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Neurochem Int. 1996 Mar;28(3):335-42.

Acute and chronic effects of potassium and noradrenaline on Na+, K+-ATPase activity in cultured mouse neurons and astrocytes.

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  • 1Laboratory of Cellular Neurophysiology, Czech Academy of Sciences, Prague, The Czech Republic.

Abstract

Acute and chronic effects of elevated extracellular concentrations of potassium ions ([K+]0) and/or noradrenaline were studied in homogenates of primary cultures of mouse astrocytes, from the cerebral cortex or the spinal cord, and of primary cultures of mouse cerebral cortical neurons. NA+, K+-ATPase activity in cerebral cortical astrocytes showed a Km value of 1.9 mM with confidence limits of 1.3-2.9 mM and a Vmax of 5.4 mumol/h/mg protein with confidence limits of 3.3-8.1 mumol/h/mg protein. Due to the high Km value, the activity of the enzyme was significantly increased by an increase in [K+]0 in the interval 5-12 mM. In cerebral cortical neurons, Vmax was lower (1.77 +/- 0.06 mumol/h/mg protein) but the affinity was higher (Km 0.43 +/- 0.8 mM). With these kinetics, there is no stimulation of enzyme activity when [K+]0 is increased beyond control levels. In spinal cord astrocytes, the relative effect of increasing [K+]0 above 6 mM was larger than in cerebral astrocytes but the absolute activity of the enzyme was lower. Na+, K+-ATPase activity in both types of astrocyte was stimulated by noradrenaline and its beta-adrenergic subtype agonist isoproterenol but mainly or exclusively at 6 mM [K+]0. Noradrenaline also caused a stimulation in cortical neurons, but at non-physiological K+ concentrations this stimulation was converted to an inhibition, and isoproterenol had no stimulatory effect. Chronic exposure of cerebral cortical astrocytes to elevated [K+]0 caused a decrease in Na+, K+-ATPase activity when enzyme activity in the cells was subsequently measured at normal [K+]0. During exposure to 30 mM [K+]0 this "down-regulation" took place within 10 min. Conversely, chronic exposure to reduced [K+]0 led to an increase in Na+, K+-ATPase activity. Chronic exposure to noradrenaline had no significant effect but there was a tendency towards an increase.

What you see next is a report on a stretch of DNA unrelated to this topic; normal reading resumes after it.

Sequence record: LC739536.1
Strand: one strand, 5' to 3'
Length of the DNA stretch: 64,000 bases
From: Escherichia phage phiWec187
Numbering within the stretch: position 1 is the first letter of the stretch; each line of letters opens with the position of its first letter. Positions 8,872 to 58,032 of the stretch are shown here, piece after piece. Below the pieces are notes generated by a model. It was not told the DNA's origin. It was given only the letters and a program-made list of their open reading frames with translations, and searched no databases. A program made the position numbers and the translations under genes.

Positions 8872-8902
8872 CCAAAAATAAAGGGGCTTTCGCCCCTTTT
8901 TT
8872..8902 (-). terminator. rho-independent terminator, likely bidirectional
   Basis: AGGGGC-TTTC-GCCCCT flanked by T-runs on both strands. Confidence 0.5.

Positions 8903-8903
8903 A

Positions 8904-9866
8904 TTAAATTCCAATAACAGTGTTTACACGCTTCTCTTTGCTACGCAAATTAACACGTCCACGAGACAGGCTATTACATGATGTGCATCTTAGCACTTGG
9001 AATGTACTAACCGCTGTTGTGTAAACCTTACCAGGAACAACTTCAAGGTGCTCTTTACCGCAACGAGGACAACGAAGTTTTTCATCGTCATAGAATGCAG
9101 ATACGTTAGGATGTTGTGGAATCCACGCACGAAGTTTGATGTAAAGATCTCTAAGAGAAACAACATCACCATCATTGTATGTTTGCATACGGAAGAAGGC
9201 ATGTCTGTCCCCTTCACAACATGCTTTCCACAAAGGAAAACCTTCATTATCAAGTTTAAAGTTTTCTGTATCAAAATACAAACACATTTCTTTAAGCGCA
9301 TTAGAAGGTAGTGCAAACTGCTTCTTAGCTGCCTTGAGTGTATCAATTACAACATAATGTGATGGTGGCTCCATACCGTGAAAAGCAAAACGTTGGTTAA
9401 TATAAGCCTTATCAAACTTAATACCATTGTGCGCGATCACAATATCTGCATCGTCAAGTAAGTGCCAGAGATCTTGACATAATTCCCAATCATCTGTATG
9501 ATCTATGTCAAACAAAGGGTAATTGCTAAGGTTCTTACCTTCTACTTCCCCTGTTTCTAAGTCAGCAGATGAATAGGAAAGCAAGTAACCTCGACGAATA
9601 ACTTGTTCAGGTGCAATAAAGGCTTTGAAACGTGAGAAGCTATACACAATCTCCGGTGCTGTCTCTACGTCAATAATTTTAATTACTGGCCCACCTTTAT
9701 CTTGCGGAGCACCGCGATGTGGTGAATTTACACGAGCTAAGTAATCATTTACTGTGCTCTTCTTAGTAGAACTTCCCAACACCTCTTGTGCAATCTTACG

PMID:
8813252
[PubMed - indexed for MEDLINE]
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